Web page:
This is Mitch, please leave a message and I’ll return your call.

Yo, Mitch. It’s me. Trying to track you down. Corky and Donovan and Alf and me are going to Shorty’s, so meet us there after work if you feel like a few beers and some wings. Or, whatever. Bah.

Hey, Mitch. This is Andrea. Could you give me a call? I’m still at the office. I will probably be here for a while. Talk to you soon, okay? Bye.

This is a message for Mr. Mitchell Burnett from Chuck’s Video. National Velvet is back in. I’ll hold it until seven-thirty pm.

Ugh. Hello, Mitch. It’s Kathleen. I’m calling your cell because there’s no answer at work. No answer — like, the front desk is just ringing and ringing. Anyhow, I think we should have dinner sometime. And no, I don’t think it’s a bad idea. We’re grownups. I think. And we can get through this. I’m hopping in the tub and going out for Thai food with Angelique. Edward gave me his tickets to see Annie Get Your Gun and I may go to the Mayflower Grill this weekend with Rachel or Alfonse. My dad’s doing okay, by the way, and Tommy is not going to court after all. Like you care. I still love you, Mitch. Even though. Bye-bye.

Hi, Mitch. It’s Eddie. Have you ever seen The Cabinet of Dr. Caligari? Well, you look just like Dr. Caligari. It’s a good thing! They played it last night at the Castro right after Eraserhead for some reason. Random! Anyway, I need my copy of The Tibetan Book of the Dead back. I need it because my class is starting in 10 days and we’re supposed to have read the first couple chapters by then. So, I need it. I’m at home. Later.

Hello. This is a message for Mr. Mitchell Burnett. My name is Gregory Bolton, and I am Assistant Regional Manager for the California State Lottery Office. I am calling in reference to the message you left with my assistant regarding the lottery ticket purchased at . . . let’s see . . . East Avenue Grocery on Divisadero. I am still gathering data and I need you to either bring the ticket to the lottery office at your earliest convenience or fax me a copy of the front and back of the ticket. Thank you and I look forward to hearing back.

Greetings. It’s Nick. Did I ever tell you I hate my breasts? I’ve been working out like crazy and my arms and abs are how I want them, but my chest is so damn skinny. I’m thinking of getting implants since the steroids aren’t working. Little implants, nothing to worry about. They won’t turn to fat, which is the thing. I have to meet Rita seven-ish. So, don’t be late tonight. Ciao bello.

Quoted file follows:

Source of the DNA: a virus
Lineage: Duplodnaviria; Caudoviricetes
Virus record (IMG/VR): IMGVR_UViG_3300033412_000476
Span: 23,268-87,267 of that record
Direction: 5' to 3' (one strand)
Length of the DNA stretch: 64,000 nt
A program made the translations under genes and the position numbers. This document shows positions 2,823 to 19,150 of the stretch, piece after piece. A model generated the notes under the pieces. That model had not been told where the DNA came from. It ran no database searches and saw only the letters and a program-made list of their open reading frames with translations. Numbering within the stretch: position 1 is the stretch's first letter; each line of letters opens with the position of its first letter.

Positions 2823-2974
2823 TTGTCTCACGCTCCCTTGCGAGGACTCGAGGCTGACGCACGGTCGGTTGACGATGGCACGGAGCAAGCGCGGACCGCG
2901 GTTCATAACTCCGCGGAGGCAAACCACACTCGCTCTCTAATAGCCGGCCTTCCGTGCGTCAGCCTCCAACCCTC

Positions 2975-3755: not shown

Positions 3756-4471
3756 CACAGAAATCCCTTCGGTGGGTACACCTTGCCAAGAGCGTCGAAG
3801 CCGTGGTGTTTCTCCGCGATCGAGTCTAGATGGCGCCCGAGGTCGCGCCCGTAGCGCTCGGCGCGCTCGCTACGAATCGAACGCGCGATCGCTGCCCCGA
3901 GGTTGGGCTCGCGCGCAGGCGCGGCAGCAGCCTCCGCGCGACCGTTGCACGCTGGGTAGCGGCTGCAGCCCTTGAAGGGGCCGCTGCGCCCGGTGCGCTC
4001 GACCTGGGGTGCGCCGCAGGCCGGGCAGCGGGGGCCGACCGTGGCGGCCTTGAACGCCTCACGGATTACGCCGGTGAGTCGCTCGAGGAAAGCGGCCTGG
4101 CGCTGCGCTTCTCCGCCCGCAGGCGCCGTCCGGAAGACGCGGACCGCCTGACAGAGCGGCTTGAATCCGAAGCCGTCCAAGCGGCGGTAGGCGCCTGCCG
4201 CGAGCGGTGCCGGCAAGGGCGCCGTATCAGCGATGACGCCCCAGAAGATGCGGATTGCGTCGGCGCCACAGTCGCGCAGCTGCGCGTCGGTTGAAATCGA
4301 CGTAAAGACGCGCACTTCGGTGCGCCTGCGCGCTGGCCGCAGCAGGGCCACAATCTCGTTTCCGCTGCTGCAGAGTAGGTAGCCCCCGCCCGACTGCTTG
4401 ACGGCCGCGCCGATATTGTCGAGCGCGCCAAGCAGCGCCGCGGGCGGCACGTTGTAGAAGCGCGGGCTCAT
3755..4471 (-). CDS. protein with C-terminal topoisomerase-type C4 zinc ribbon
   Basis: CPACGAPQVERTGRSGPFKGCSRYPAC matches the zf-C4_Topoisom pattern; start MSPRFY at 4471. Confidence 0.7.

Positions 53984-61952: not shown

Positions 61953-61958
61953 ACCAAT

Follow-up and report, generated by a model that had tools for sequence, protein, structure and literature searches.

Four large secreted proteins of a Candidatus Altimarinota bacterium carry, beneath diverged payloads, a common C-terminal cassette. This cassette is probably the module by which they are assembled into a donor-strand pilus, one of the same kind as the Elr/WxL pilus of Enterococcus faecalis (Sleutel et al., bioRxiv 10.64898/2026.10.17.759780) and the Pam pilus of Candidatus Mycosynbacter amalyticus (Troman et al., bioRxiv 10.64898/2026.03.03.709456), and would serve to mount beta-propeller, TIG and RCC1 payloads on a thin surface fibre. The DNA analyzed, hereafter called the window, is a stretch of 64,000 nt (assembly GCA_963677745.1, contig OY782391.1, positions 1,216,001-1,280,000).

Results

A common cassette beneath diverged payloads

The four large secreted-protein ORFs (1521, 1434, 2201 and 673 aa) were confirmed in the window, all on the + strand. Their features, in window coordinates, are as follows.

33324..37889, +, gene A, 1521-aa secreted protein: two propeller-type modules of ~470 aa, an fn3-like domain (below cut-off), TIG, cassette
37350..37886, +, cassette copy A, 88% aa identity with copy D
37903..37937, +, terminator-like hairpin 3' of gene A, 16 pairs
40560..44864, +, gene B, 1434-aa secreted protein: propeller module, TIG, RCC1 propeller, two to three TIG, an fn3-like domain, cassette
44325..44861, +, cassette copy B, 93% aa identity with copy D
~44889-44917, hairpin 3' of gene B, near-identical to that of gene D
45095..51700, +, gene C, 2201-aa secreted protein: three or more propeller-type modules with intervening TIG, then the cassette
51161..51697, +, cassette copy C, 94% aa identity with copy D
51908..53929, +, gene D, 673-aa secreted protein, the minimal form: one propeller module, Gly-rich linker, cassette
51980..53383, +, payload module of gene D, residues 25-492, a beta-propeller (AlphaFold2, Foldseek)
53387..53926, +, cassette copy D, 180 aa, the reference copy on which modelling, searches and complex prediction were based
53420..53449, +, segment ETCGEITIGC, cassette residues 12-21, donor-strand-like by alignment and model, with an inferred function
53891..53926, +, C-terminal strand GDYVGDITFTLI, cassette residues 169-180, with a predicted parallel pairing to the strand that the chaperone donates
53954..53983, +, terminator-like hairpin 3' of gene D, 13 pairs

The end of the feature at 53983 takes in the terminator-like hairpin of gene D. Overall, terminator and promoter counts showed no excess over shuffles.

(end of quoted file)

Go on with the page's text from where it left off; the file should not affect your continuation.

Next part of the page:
Ugh. Kathleen again. I’m standing here in my closet, surrounded by all these outfits, wondering why I bought half of them, yet unable to let them out of my life. It may sound completely superficial, but I think a lot of superficial things ring true after a while. Do you miss me? I have to say, this is very hard. I know it’s my fault. I brought it on myself, on us. It’s just that I realized there’s been only one day since I was 14 when I didn’t have a boyfriend. I feel like something’s going to happen any day now. Something . . . different. I hate that feeling. So, guess what I’m going to do? I’m dedicating my new philosophy to you. Here it is: From now on, I’m getting exactly what I want out of life. I have lived way too long in my own shadow. Remember a while back when you threw me that little birthday party? Did I ever tell you that while you and Angelique were dancing to “Crystal Blue Persuasion” I felt this burning desire to grab the cheese knife, slip out of the wheelchair, crawl over and sever your Achilles tendons? Am I evil? We all have our reasons for doing what we do. But, it’s a new day and a new philosophy. Nothing will stop me from getting what I want. Okay? Okay. I think I’ve found a top that looks good. It’s small, green, sassy. It’ll go great with my new pleather pants. Ugh, I’m blabbering. Hanging up now. Bye.

Shazaam! Where the hell are you, Dipstick? We’ve got a table at Shorty’s — finally! — and Donovan is telling us about this outrageous chick he met on that cruise to Alaska. It’s a good story. She jumped off the ship and had to get helicoptered out of there. He found her in Fairbanks doing tarot in a coffee shop. They’re engaged, dude! Get your ass over here. Dollar drafts end in . . . 25 minutes! Bah.